The Kind of World we Live In

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By Mark E. Smith

Every night at 10:00 pm, I flip through the cable news channels. With redundant sound bites and flashing scenes – not to mention partisan political rhetoric – I’m told what a terrible world I live in. If I am to believe them, my life in every fathomable way is on the brink of disaster – and so is yours. If texting drivers and terrorists don’t kill us, our jobs will be downsized and exported, and our children will end up on heroin. But, then they go on to note that if we make one wrong vote, we will lose civil liberties and nuclear proliferation will usher in World War III. However, none of this matters because whatever the latest virus is, it’s likely to kill us before all else.

This is how the news media portrays our world night after night. Yet, day after day, my life – the world we share – couldn’t be more different. As one with a severe physical disability, the world of intolerance portrayed by the media that we live in should place me drowning in the bottom of a cruel socio-economic barrel. Yet, I’m not – and, in fact, my world, your world, our world couldn’t be more different than the distorted, sensationalism hyperbole spewed by make-up-strewn talking heads on cable news.

What 45 years of disability experience has proved to me is the truth of humanity. People are kind, accepting, embracing and tolerant. We know that we’re all in this together, and while my adversity is an obvious physical one, we all have known adversity, and it’s among the bonds that unites us. We all want to love and be loved, and as my career has taken me to countless cities and towns across this country, every where I’ve been has demonstrated one universal trait: kindness.

As one with a severe disability, who speaks and looks differently than others, who must turn to strangers for assistance in situations, who flies on planes and lands in cities, I see none of the harsh, cruel world portrayed by the media. I see the flight attendant offer to walk with me through the airport to ensure I find my shuttle van. I see the shuttle van driver insist on tying my shoe. I see hotel clerks ensure all I need is taken care of. I see waitresses intuitively move everything where I can reach it. I see individuals homeless say words of blessing to me. I see strangers in stores, restaurants, everywhere, share the kindest words and hug me.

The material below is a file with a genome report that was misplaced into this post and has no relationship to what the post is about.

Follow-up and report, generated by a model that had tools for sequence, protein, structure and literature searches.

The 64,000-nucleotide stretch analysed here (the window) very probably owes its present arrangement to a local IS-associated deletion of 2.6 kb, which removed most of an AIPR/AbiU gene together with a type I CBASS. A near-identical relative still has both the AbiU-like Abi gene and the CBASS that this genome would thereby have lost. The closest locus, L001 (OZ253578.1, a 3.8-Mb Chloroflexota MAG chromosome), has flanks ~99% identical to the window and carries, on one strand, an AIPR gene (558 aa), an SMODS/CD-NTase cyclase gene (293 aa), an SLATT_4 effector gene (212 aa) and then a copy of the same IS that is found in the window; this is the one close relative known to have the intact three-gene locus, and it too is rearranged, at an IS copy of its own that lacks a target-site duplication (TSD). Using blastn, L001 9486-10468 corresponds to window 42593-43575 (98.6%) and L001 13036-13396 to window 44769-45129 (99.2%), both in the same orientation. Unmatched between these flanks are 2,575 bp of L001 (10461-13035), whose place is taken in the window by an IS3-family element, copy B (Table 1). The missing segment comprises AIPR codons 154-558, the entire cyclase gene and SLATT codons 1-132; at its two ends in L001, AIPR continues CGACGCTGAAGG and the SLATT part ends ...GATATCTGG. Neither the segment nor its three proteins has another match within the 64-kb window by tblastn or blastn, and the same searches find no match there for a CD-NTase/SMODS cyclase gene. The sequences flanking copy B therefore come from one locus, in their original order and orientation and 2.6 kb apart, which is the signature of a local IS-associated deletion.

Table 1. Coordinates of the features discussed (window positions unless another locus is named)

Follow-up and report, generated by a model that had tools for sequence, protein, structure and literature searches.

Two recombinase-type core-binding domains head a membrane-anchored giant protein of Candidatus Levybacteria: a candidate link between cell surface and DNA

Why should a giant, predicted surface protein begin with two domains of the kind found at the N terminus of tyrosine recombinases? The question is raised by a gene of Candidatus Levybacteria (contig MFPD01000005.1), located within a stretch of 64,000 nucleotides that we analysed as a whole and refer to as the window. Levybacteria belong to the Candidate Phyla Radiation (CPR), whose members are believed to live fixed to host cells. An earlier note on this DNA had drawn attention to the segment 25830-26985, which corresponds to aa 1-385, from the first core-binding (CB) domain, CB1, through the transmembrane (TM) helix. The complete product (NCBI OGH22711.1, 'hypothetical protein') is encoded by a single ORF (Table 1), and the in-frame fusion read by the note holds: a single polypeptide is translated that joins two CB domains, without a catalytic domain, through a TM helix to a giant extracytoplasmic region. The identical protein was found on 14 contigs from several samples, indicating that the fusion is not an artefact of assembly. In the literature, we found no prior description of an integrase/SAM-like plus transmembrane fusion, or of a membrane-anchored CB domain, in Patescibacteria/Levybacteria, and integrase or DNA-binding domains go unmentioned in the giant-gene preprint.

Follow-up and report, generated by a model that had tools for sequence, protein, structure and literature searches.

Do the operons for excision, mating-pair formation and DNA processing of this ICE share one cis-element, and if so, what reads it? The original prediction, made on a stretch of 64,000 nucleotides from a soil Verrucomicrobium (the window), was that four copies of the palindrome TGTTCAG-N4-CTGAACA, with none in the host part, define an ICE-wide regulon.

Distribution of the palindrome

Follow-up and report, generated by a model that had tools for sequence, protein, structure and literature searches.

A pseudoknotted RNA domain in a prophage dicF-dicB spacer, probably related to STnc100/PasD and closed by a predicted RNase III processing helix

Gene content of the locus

I don’t know where the media gets its soundbites and images of the bleak world it portrays. But, if they followed me for an hour, in any city in this great country, they’d see the truth: the kindness of the world around us is awe-inspiring. Turn off the TV and get out into it.

The Indirect Routes of Growth

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By Mark E. Smith

Growth. It’s never linear. I know we want it to be – in our educations, relationships, careers, finances, even in our hearts.

But, it’s not the way personal growth works. More importantly, linear growth isn’t what would best serve us. Therefore, by design, growth isn’t linear.

Many aspects of growth in our lives have an idealized route that we conjure in our wishes, our goals. We want to get from A to Z as easily and quickly as we can.

I want to loose 100 lbs.
I want to settle down with the person of my dreams.
I want to become a vice president in my company.
I want to be financially stable.
I want to graduate from college.
I want to be sober.

The I wants in all of our lives go on and on. However, if they were just achieved, how would we grow, what would we learn? See, the beauty of non-linear growth is that it challenges us to embrace perseverance, to learn creative solutions, to have gratitude, to… well… grow.

Personal growth in our lives can be difficult, if not painful at times. It often doesn’t seem fair or just in the stalls, setbacks or unwanted changes of course. Yet, those, in fact, are purpose-filled times. Those are the times when we actually do grow.

In these ways, let us not look at the non-linear times in our lives as unfair or unjust – the stalls, setbacks or unwanted changes of course. Instead, let us recognize their true purpose: launching pads for growth.

[Speed = Distance / Time]

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By Mark E. Smith

Among my routine rituals is running my power wheelchair through my company’s test lab “speed trap.” I’ve perfected aspects like tire air pressure, straight-line tracking, and battery type to get my production chair just a scant faster than it’s built to run. In this process over the years, I’ve learned a bit about life, too.